I could write a book based on what I don’t post on Facebook. Oh, it would be quite an interesting book, too.
I recently went through a tough time, and struggled for weeks to keep putting one foot in front of the other. My stress was related to something going on in our military lives.
My real source of stress, though, is how our youngest son was reacting to this unavoidable series of events.
After three weeks of trying to keep a positive mood in our house, I was worn out physically, emotionally, spiritually, and any other way you could imagine.
My strong, positive attitude was melting into a pool of tears right in front of my family and friends.
While I was struggling, I posted none of this on Facebook, not one word. I also didn’t curl up into a ball and blame my pain on the military. I cried, slept when I could, and reached for support through my faith, family, friends, and photography. Photography has become my “therapy.”
This Army life can be very hard at times. Throw into our lovely lifestyle one very emotional special needs child, shake it up and add a dash of the new school-year stresses, and I became a self-imposed hermit, hiding from the world.
And, you know what? It’s perfectly OK to fall apart some times. But it’s much easier to stand back up when I have a good support network in place. Sometimes I have to reach out and ask for help when I’m feeling weak.
That’s not easy for me to do.
I’ve accepted that my husband will be gone through much of our military life. If he’s not traveling or deployed, he can be so busy at home that he’s not truly present.
Acting as the sole parent at times can be very hard. At times like this I’ve found strength through my friendships with others who’ve lived through separations. Last week I sat outside with two friends and talked for hours about how we were going through similar struggles.
I’ve also accepted that my non-military family and friends may never understand our Army lifestyle choices. I’m blessed to have wonderful civilian friends, but they often shake their heads when I give them yet another new address.
About 15 years ago we had to move to a new home across post. My husband was unable to help move our household goods because of work. While family members lived only two hours away, their schedules were already too busy to help out, as well.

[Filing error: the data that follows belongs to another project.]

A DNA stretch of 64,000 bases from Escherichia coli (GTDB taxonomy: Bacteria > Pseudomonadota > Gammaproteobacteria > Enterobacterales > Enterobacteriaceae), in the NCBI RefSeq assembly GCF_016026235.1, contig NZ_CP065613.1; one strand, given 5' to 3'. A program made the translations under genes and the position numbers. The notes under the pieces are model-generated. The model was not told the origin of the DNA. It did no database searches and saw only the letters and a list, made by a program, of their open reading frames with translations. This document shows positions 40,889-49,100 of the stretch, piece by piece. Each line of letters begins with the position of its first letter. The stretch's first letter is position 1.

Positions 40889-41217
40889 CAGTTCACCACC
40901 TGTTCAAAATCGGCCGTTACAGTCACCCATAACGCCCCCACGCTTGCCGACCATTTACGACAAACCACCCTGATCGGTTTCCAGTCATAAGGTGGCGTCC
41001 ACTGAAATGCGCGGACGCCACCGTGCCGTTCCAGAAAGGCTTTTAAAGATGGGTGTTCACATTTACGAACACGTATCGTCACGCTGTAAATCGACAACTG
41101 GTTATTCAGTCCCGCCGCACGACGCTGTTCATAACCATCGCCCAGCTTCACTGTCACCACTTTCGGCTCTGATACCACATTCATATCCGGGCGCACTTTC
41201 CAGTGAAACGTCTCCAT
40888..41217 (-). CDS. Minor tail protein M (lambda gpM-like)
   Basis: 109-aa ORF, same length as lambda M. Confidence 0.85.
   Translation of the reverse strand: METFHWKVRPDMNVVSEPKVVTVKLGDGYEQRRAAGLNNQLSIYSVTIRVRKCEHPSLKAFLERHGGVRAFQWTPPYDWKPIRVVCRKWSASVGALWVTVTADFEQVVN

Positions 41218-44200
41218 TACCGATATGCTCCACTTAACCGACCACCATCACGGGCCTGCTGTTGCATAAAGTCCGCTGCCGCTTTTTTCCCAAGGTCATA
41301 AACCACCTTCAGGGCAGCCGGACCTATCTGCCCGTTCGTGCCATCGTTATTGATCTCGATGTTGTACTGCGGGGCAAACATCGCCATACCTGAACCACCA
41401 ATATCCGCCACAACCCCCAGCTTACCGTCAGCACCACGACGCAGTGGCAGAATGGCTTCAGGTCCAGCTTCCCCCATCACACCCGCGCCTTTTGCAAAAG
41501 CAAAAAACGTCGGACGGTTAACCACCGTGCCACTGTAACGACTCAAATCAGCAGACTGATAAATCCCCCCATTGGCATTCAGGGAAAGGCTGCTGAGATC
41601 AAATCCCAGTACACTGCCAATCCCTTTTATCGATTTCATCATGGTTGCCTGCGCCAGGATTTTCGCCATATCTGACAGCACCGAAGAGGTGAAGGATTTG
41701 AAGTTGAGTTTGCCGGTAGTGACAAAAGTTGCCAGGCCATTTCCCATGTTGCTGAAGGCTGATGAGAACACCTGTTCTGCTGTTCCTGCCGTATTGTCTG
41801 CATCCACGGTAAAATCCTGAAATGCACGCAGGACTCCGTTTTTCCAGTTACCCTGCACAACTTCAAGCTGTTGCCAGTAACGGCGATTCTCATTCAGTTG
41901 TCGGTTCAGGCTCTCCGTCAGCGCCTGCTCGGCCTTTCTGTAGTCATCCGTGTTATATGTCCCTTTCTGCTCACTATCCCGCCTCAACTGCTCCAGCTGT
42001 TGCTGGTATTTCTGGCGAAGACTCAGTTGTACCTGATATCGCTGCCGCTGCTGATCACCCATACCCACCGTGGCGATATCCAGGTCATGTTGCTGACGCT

I was pregnant with our second son, had just been in a car accident that threatened the pregnancy, and ended up in a mess of tears in front of an Army friend. He understood, and the next day arranged a group of our friends to help us move our belongings into the new home.
Eight years ago, our real-estate agent couldn’t believe that my husband had orders which forced him to change his duty station within months, leaving me alone with our three young boys. I was on my own for months to fix up and sell our house while he adjusted in his new job 1,500 miles away. Our Realtor thought it was lonely enough for her fiancée to leave town for two weeks on business travels.
Our real-estate agent had no idea how strong I’d grown over the years of doing things on my own. She didn’t know how much stronger I have grown because of support through military friendships. While I was in Pennsylvania, I was already reaching out to people I knew here in the Fort Hood area.
When I’m lonely at a new post, feeling tired and weak, I make an effort to reach out to old friends but also work to make new friends. I’ve also tried to be more observant to friends who might need some support, as well.
I am a tough cookie, but have realized that even the toughest cookies crumble at times. While I might be living through stress now or in the future, Army-related or not, I must focus on the goodness that each day has to offer. I have to allow the stressful times to help me grow stronger.
And I have to remember to ask for help when I need it, too.